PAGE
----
The Biden administration is approving a scaled-back version of ConocoPhillips’ $7 billion oil and gas drilling Willow project in Alaska, the US Department of Interior said yesterday, drawing cheers from Alaskan officials and the oil industry but criticism from environmental advocates.
The decision follows an aggressive eleventh-hour campaign from opponents who had argued the development of the three drill sites in northwestern Alaska conflicts with President Joe Biden’s highly publicized efforts to fight climate change and rapidly shift to cleaner sources of energy.
Alaska’s elected officials say the project will create hundreds of jobs and bring billions of dollars in revenue to state and federal coffers. The state relies heavily on revenue from oil production, but output has declined dramatically from its peak in the 1980s.
“I feel the people of Alaska have been heard,” US representative Mary Peltola, a Democrat from Alaska, said on a call with reporters. “The state of Alaska cannot carry the burden of solving our global warming issues alone.”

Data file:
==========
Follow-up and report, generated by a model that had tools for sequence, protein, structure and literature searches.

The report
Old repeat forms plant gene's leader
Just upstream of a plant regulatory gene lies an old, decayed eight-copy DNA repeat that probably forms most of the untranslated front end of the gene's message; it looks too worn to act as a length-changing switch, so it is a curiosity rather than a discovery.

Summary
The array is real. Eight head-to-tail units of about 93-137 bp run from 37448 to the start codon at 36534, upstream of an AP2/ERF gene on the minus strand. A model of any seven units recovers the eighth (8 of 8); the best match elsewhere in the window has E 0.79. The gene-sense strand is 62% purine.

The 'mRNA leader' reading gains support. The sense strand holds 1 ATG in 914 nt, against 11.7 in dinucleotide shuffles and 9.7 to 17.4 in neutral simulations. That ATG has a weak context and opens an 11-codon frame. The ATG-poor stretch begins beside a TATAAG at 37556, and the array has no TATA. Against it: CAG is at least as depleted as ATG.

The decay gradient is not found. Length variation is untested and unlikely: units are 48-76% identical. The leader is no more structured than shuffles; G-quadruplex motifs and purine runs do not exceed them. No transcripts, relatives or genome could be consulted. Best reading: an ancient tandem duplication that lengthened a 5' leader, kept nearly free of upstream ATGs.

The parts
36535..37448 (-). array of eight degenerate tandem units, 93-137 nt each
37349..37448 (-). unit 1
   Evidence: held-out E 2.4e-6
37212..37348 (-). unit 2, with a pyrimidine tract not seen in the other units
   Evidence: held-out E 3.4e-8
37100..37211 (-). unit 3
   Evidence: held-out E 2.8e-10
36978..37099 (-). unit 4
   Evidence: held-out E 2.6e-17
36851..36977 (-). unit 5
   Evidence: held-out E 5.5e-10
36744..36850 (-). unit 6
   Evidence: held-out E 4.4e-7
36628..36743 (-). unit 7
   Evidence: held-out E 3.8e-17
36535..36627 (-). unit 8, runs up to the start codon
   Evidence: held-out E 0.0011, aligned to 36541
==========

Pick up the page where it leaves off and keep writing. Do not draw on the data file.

The fate of the project has been closely watched by Alaska officials, the oil and gas industry and green groups as Biden seeks to balance his goals of decarbonising the US economy with calls to increase domestic fuel supplies to keep prices low.
The Interior Department approved the project with three drill pads after saying last month it was concerned about the greenhouse gas impacts of Willow. ConocoPhillips had sought to build up to five drill sites and project infrastructure including dozens of miles of roads and pipelines and seven bridges.
The agency said the smaller scope will reduce the impact on habitats for species like polar bears and yellow-billed loons.